Annual flower cultivars that appear promising for Minnesota gardens and landscapes announced at the close of the annual flower trials held at the WCROC Horticulture Display Garden.
After 34 years of dedicated service to the U of MN WCROC, Jean Spohr retired from her position as Executive Administrative Specialist on Sept 2, 2016. Jean offered administrative support for extension personnel, and many of our faculty, staff, and students; she will be missed!
Crossbred and/or pure holstein bull calves available for silent auction bid. Calves were born between March and May 2016, and will be available this fall for purchase. Silent auction bid forms at http://z.umn.edu/bullcalves
Students from Austrailia visited Morris last week, and had a guided tour of the West Central Research and Outreach Center.
Storms that rolled across Minnesota in early July may have brought the "million dollar rain" area farmers needed to keep this year's growing season on track for a successful harvest this fall. Farmers were able to get planting on time this spring, and good soil moisture at the start of the growing season helped crops get started, said Curt Reese, a scientist in agronomy and soil science at the West Central Research and Outreach Center in Morris.
WCROC participates in tri-state organic dairy farm research project.
Opportunities exist on today's dairy farms to become more energy efficient, saving resources and money. WCROC researchers are finding ways to potentially reduce the carbon footprint of dairy farms.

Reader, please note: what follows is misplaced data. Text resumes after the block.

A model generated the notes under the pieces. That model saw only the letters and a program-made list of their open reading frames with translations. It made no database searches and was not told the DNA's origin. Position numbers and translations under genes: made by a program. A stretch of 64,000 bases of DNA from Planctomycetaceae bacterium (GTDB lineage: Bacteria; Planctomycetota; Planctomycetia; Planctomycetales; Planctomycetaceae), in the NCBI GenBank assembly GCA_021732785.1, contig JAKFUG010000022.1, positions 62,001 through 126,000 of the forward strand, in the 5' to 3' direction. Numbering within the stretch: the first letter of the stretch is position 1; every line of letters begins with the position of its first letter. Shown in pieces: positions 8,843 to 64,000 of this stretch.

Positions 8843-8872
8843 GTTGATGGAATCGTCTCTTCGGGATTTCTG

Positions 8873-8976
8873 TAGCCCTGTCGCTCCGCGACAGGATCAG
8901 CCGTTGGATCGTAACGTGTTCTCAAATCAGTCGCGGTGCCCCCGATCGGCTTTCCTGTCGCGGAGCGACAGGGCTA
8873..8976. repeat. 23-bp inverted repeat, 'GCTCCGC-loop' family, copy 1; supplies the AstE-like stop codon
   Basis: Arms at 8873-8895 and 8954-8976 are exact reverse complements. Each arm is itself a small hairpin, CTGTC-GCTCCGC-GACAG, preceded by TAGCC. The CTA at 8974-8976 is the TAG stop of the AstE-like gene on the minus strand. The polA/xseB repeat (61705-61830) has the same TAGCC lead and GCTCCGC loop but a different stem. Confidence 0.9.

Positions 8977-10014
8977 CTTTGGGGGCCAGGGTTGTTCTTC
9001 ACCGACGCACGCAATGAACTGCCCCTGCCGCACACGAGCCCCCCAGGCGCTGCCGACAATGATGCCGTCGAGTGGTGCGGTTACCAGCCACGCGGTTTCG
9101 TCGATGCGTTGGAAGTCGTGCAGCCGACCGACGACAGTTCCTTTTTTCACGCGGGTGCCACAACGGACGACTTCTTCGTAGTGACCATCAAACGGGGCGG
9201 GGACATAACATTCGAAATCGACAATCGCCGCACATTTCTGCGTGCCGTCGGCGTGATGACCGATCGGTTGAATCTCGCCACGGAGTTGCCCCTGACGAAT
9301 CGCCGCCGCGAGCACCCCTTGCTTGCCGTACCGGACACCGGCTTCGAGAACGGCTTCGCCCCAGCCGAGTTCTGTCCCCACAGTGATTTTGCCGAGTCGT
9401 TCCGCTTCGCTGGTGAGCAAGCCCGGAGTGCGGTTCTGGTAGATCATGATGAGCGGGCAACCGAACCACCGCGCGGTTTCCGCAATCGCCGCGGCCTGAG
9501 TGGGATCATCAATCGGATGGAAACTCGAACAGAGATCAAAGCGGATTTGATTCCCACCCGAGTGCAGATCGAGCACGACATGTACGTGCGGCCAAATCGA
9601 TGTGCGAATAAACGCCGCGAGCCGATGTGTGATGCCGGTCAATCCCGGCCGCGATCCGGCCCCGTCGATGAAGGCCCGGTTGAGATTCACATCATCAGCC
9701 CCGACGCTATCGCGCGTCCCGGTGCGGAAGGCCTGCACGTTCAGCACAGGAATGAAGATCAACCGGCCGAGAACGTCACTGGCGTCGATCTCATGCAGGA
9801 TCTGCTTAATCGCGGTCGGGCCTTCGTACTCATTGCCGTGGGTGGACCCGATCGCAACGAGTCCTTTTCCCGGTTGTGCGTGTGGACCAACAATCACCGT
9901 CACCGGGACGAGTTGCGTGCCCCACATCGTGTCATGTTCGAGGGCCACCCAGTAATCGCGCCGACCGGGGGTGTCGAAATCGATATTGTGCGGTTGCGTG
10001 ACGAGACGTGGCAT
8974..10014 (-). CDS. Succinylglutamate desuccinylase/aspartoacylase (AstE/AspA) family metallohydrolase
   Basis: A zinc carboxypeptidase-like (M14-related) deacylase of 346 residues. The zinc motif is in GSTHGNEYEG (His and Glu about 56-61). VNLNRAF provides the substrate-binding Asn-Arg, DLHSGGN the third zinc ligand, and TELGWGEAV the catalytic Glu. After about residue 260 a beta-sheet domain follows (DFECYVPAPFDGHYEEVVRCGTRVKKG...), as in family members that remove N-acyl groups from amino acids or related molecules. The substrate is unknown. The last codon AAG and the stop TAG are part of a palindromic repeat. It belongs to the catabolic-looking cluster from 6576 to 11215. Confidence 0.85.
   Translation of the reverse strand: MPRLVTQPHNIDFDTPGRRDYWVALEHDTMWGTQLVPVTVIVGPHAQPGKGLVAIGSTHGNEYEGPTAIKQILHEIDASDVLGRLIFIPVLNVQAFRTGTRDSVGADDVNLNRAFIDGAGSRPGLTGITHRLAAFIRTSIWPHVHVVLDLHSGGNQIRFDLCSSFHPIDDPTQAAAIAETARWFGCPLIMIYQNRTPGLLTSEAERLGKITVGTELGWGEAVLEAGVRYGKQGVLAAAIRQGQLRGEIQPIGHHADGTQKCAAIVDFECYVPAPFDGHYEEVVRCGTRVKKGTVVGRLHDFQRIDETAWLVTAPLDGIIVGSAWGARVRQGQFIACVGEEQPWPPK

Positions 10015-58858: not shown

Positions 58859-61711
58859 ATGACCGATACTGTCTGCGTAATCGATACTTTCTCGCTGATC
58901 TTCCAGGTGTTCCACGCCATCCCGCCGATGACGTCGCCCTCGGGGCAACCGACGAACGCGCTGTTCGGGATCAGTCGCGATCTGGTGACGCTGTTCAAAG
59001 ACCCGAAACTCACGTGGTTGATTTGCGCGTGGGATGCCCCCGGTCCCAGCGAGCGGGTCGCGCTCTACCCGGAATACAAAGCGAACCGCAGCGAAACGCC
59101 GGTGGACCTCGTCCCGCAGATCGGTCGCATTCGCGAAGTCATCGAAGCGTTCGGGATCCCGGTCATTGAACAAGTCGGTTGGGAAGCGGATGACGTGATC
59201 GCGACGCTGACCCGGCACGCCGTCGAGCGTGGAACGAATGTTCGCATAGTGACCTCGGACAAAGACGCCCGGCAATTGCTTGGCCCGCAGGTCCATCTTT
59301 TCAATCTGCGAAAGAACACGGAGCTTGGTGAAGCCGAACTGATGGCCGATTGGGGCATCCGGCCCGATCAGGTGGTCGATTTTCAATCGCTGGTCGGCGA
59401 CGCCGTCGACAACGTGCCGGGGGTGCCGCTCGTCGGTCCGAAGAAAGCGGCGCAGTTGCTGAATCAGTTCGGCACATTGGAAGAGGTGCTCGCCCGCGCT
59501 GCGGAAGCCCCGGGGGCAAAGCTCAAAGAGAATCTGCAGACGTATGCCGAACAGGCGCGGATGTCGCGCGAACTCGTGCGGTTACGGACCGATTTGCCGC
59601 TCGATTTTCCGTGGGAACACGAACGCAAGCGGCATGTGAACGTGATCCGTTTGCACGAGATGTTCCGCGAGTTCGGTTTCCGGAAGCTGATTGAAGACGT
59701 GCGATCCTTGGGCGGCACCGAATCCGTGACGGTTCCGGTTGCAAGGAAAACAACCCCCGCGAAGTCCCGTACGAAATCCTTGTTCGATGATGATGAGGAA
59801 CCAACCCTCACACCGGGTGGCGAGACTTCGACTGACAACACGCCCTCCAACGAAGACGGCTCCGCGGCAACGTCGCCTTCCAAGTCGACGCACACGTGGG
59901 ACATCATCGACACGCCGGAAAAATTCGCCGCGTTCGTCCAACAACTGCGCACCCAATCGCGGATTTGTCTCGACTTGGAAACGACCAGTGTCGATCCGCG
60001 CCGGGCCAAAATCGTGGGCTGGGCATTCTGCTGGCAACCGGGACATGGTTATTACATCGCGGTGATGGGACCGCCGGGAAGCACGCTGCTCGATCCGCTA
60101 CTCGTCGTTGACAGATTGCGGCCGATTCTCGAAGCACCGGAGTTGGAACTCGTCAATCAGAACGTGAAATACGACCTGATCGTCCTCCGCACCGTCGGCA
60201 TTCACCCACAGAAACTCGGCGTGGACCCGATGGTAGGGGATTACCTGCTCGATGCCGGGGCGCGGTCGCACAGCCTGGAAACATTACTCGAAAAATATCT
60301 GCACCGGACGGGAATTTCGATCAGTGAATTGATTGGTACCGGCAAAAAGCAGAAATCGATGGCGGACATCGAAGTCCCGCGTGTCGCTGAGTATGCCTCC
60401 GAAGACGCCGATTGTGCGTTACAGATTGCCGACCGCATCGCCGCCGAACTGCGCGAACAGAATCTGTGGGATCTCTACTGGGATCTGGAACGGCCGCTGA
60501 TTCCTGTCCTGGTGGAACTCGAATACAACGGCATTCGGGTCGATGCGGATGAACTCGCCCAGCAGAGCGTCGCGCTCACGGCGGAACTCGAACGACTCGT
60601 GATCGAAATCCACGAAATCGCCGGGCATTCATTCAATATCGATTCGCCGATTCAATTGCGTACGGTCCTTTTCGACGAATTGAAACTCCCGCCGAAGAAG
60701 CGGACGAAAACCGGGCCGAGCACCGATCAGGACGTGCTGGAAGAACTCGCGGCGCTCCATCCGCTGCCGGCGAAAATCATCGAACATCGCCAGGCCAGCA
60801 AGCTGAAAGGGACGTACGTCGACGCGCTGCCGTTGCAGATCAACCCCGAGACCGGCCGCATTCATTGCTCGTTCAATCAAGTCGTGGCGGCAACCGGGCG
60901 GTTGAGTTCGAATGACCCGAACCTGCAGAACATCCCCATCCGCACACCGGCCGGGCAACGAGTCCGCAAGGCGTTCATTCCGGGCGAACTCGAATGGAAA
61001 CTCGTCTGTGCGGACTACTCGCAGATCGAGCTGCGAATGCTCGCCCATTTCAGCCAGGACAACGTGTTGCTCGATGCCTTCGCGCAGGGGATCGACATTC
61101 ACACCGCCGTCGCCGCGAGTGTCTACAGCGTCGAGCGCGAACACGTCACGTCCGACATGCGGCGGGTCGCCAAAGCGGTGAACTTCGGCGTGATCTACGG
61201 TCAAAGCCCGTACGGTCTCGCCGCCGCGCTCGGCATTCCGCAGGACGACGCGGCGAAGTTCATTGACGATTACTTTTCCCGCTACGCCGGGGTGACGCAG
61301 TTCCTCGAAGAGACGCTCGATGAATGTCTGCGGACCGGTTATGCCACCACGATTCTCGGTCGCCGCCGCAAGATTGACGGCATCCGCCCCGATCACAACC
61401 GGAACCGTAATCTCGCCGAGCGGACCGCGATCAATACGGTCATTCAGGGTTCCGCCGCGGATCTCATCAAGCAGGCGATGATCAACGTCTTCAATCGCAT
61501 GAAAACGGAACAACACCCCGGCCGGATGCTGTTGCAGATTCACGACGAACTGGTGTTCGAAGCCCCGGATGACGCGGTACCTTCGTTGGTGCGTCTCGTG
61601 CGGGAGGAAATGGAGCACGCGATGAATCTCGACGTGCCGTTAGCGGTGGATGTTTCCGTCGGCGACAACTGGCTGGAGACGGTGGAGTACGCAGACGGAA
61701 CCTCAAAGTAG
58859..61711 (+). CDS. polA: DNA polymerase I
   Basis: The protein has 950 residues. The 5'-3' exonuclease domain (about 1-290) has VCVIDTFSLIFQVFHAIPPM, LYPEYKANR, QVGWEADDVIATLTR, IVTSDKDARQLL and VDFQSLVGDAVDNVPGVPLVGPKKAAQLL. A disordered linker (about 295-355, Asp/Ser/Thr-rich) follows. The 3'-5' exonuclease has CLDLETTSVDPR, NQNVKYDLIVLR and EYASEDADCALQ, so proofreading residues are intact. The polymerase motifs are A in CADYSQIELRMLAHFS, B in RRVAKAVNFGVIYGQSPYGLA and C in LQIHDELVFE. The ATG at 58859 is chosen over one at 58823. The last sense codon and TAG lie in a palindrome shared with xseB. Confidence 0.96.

According to Brad Heins, no other place in the United States manages both organically and conventioanlly raised dairy herds on the same facility in the same conditions, but the West Central Research and Outreach Center at the University of Minnesota is doing just that.
Here's something to consider the next time you pour milk on your cereal: The carbon footprint of a gallon of milk is roughly the same as a trip between Bloomington and Maple Grove in a 2015 Ford F-150. Researchers at the University of Minnesota's West Central Research and Outreach Center are looking for ways to make producing milk less energy intensive.
Milk production is directly related to dry matter intake, which is directly related to the amount of available dry matter in pasture. For cows grazing pasture to be productive, there must also be healthy pastures that provide adequate forage quality and biomass to feed them.